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Hacktivism gets attention, but not much long-term change

Taylor Armerding | Dec. 3, 2012
Latest break-in at International Atomic Energy Agency highlights that the public still doesn't buy criminal acts in support of 'good causes'

This doesn't mean hacktivism never has any impact. As a Business Insider post on the hacktivist collective Anonymous noted, "Following allegations of vote rigging after the results of the June 2009 Iranian presidential election were announced, declaring Iran's incumbent President Mahmoud Ahmadinejad as the winner, thousands of Iranians participated in demonstrations."

"Anonymous, together with The Pirate Bay and various Iranian hackers, launched an Iranian Green Party Support site called Anonymous Iran. The site has drawn over 22,000 supporters worldwide and allows for information exchange between the world and Iran, despite attempts by the Iranian government to censor news about the riots on the Internet," the report said.

Wisniewski said one of the quieter impacts of hacktivism is intimidation that may have the beneficial effect of improving security. He said the Sony hacks woke people up. "I must have talked to 100 companies who were saying, 'What's preventing us from being the next Sony? 'We don't want to be on the front page.' That's the real impact I see -- but it's good that it has them thinking about security."

Murray adds: "Anonymous did a good job of bringing attention to some of the abuses of the Church of Scientology, but this was as much predicated on their real-world efforts as their online ones."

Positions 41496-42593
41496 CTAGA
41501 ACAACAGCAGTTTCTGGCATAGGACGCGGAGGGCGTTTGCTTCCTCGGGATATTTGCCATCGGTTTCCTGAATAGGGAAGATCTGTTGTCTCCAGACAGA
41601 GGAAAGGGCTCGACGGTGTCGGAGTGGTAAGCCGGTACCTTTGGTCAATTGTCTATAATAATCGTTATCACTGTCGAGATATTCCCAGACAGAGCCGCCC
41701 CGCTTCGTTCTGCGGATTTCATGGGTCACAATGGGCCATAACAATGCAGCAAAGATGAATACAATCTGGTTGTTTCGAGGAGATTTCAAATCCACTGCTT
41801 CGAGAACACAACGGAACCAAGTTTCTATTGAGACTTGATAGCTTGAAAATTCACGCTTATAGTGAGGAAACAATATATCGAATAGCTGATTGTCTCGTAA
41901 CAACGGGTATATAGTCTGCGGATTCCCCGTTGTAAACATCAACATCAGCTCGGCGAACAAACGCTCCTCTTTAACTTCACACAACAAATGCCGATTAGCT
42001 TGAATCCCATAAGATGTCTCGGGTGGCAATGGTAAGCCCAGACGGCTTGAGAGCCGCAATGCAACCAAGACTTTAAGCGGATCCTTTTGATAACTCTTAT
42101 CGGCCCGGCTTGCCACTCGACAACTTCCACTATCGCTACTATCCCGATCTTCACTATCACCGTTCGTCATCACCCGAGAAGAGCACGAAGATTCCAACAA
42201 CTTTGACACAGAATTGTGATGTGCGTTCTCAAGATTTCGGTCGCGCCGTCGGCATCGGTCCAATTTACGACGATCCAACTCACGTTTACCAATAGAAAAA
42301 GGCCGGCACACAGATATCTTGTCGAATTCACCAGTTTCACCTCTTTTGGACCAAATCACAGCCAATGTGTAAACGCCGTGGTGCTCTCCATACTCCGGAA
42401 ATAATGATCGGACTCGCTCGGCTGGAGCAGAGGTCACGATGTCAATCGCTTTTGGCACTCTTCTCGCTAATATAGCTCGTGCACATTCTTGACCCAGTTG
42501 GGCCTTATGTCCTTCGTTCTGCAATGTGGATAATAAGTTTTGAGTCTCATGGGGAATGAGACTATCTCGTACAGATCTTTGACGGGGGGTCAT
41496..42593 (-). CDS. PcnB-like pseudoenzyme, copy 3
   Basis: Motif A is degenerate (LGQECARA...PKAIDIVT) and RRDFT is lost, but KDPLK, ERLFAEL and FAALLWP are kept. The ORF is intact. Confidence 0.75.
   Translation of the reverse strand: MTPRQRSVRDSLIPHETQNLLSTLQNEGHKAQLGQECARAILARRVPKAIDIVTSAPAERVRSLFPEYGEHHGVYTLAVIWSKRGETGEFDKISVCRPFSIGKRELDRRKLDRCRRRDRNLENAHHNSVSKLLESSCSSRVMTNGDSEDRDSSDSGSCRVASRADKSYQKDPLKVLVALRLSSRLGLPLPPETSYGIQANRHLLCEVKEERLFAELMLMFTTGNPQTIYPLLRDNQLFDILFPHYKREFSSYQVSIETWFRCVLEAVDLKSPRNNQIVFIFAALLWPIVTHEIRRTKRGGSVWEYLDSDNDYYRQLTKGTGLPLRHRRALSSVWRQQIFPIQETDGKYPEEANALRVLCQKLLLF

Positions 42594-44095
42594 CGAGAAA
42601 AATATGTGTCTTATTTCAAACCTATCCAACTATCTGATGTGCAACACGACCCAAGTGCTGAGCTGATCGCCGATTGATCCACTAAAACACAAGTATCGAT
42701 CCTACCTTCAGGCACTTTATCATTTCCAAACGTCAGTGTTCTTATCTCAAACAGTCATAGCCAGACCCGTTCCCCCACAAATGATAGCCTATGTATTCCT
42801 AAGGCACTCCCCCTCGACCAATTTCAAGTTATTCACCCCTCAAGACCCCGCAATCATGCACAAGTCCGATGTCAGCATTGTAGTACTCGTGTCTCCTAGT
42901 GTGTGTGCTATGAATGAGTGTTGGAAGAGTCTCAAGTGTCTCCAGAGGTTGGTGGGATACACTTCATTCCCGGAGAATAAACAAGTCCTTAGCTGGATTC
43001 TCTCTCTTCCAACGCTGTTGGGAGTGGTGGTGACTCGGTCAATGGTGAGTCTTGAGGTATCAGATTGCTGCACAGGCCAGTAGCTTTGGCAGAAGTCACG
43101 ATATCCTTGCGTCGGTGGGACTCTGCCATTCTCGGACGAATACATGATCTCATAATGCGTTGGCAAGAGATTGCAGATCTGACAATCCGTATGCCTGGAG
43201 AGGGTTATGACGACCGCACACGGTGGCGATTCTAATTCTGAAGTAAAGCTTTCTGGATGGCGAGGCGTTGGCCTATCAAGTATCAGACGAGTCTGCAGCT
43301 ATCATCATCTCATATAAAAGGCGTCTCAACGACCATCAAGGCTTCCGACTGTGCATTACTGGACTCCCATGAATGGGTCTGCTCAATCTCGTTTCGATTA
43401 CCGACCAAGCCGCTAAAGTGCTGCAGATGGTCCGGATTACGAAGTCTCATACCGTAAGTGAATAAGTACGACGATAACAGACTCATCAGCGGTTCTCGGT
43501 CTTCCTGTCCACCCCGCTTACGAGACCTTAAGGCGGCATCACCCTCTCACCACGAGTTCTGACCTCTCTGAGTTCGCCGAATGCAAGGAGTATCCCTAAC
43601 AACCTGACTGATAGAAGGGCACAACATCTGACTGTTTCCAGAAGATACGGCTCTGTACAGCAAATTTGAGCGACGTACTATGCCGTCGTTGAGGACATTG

But, Murray and Wisniewski agree that most of the time, the public does not buy the claim that "hacktivists are not criminals."

"In the mind of the general public, hackers are criminals whether they're trying to be activists or not," Murray said. "One can rob banks and give the money to charity, but it doesn't mean that the public and law enforcement won't consider them bank robbers."

Another thing that tends to undermine general public support for hacktivists is that they frequently acknowledge that their exploits are "for the lulz," which generally means for personal enjoyment, but is also seen as craving attention.

Regardless of its long-term impact, or lack of it, nobody sees hacktivism declining. Murray said that major media coverage of hacktivist exploits, including the arrests and trials of those who are caught will make it more valuable to be a hacktivist. "These people are doing this to bring attention, and the media gives more attention to it as it becomes more prevalent," he said.

Jeremiah Grossman, founder and CTO of WhiteHat Security, said it is important to keep hacktivism in perspective. "Remember, while hacktivists are a concern, they are in no way the most pressing," he said. "Professional hackers, those who are purely in it for the money, or nation state-sponsored hackers, are far more dangerous to us all."

 

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